Judge Irina Akkuratova of Moscow’s Meshchansky Court has refused to rule on the Seventh Studio criminal case, which has sparked widespread opposition among Russian activists and artists since it was opened in 2017. Akkuratova ordered the case to be returned to prosecutors for further development, writing, “The case as it stands cannot be considered by the court.”
The Perm Regional Court has canceled the deportation of Liu Yankun, a Chinese citizen studying for a graduate degree at Perm University. Liu’s attorney, Lyudmila Chegrina, said he was released from the police holding cell where he had been kept in custody since August 31.
Multiple sources close to Russia’s presidential administration told Meduza that the Kremlin is happy with pro-government candidates’ performance in the September 8, 2019, elections. Officials are especially pleased in the State Council’s Department of Affairs, which is managed by Alexander Kharichev, a close associate of Sergey Kiriyenko, President Putin’s deputy chief of staff and “domestic policy curator.” Responsible for overseeing Russia’s gubernatorial races, Kharichev’s office had a clear task: don’t allow any second-round votes. The Kremlin was eager to avoid a repeat of 2018, when the Putin administration’s candidates couldn’t win first-round elections and lost runoffs in four gubernatorial contests — including elections in the strategically important Primorsky and Khabarovsk regions.
The newspaper Novaya Gazeta has published a copy of the linguistic expertise carried out in the extremism case against Higher School of Economics student and popular YouTuber Egor Zhukov.
Oleg Smolenkov, the CIA’s reported asset inside the Kremlin, worked for at least five years in the office of Yuri Ushakov, now a presidential adviser on foreign policy, a source close to Russia’s intelligence community told the newspaper Vedomosti.
A long-time IT consultant for the Anti-Corruption Foundation has accused the organization of lying to constituents and mismanaging its volunteer labor force. In a blog post on September 10, Vladislav Zdolnikov announced that he is ending his collaboration with Alexey Navalny’s group, in response to what he says was its public dishonesty surrounding recent elections.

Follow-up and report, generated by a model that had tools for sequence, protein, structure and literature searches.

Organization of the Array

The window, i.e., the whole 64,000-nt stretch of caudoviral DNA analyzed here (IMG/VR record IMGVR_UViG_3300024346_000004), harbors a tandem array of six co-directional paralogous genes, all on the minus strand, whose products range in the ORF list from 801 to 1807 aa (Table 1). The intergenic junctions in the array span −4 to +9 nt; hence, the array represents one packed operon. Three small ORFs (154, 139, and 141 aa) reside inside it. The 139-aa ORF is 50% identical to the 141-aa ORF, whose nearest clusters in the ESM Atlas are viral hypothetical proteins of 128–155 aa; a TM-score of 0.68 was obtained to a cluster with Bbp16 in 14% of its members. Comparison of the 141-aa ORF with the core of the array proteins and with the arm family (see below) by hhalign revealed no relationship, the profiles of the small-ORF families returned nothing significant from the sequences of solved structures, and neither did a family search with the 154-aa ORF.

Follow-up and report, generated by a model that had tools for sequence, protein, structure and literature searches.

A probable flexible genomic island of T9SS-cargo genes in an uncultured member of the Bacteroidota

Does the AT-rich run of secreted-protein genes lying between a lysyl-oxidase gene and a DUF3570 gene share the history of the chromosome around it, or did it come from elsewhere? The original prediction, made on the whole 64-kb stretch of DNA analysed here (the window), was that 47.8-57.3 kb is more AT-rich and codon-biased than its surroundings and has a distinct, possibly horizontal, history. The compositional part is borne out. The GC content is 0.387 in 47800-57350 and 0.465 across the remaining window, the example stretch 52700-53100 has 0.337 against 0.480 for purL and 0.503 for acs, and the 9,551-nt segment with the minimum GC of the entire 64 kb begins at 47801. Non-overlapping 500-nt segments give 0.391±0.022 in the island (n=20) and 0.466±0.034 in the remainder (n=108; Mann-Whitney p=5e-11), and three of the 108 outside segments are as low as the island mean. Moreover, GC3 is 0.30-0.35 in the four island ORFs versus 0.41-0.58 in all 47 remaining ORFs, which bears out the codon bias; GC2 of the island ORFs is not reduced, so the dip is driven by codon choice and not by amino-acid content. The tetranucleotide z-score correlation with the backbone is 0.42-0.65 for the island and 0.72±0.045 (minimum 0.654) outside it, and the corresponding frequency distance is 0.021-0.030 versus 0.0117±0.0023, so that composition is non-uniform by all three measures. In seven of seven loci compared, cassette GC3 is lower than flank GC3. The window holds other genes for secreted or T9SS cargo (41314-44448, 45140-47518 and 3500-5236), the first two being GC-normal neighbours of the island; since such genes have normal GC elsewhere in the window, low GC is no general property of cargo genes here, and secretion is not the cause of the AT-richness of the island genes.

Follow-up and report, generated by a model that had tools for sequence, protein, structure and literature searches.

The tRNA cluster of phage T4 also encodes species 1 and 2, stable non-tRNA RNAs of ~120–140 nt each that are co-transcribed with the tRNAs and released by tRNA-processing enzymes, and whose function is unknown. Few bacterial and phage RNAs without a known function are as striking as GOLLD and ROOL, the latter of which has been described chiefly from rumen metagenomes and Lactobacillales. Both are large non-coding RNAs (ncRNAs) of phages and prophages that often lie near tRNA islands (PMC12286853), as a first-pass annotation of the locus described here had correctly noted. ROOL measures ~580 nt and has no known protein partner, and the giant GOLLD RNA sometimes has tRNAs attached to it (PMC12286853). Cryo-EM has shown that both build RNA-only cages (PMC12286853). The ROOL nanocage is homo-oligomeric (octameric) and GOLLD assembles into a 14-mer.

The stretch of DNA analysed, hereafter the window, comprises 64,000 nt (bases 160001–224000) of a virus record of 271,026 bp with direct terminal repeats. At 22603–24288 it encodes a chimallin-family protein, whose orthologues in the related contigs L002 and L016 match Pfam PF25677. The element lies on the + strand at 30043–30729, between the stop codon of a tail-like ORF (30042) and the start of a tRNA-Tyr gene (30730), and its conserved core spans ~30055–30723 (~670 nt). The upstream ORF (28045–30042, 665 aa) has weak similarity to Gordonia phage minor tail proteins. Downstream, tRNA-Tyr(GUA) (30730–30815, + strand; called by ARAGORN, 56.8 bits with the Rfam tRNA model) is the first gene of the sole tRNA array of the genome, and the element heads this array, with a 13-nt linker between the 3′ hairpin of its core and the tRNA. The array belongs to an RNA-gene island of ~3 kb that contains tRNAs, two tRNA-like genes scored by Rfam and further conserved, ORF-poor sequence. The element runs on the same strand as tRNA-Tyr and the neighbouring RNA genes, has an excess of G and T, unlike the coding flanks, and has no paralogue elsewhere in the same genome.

Last winter, the Russian television channel Pyatnitsa! (Friday!) aired the first four episodes of a new documentary series called Wish to the Sky. The episodes followed the show’s creators as they made dreams come true for terminally ill patients: Some patients took their first trip abroad to see the ocean, others went parachuting or mountain climbing, and still others met their celebrity idols or reconciled their relationships with their parents. Wish to the Sky not only helps patients cope with extreme hardship; the show is an attempt to create a new kind of language for talking about death in Russia. By the time it aired, two of the patients the program featured had passed away. Darya Nevkritaya spoke with Semyon Zakruzhny, a host and producer for Wish to the Sky, about how the project has changed both its heroes and its creators.
Moscow’s Koptevsky District Court has upheld a lawsuit brought by the state-owned bus company “Mosgortrans” against nine opposition leaders who advocated and organized an unpermitted protest in the capital on July 27. The defendants have been ordered to pay 1,218,591 rubles (about $18,630) for supposedly disrupting bus service and reducing the company’s revenue.
The wildly popular American singer Billie Eilish followed up two sold-out concerts in Moscow and St. Petersburg by appearing on the Russian comedy talk show Vecherny Urgant (Evening Urgant). The segment featuring Eilish aired on September 9.
Beginning in March of 2020, women will be able to train as drivers for the Moscow metro system. Vice Mayor Maxim Liksutov announced the change on September 10, saying new trainees have been eager to sign up since registration for the March training group opened.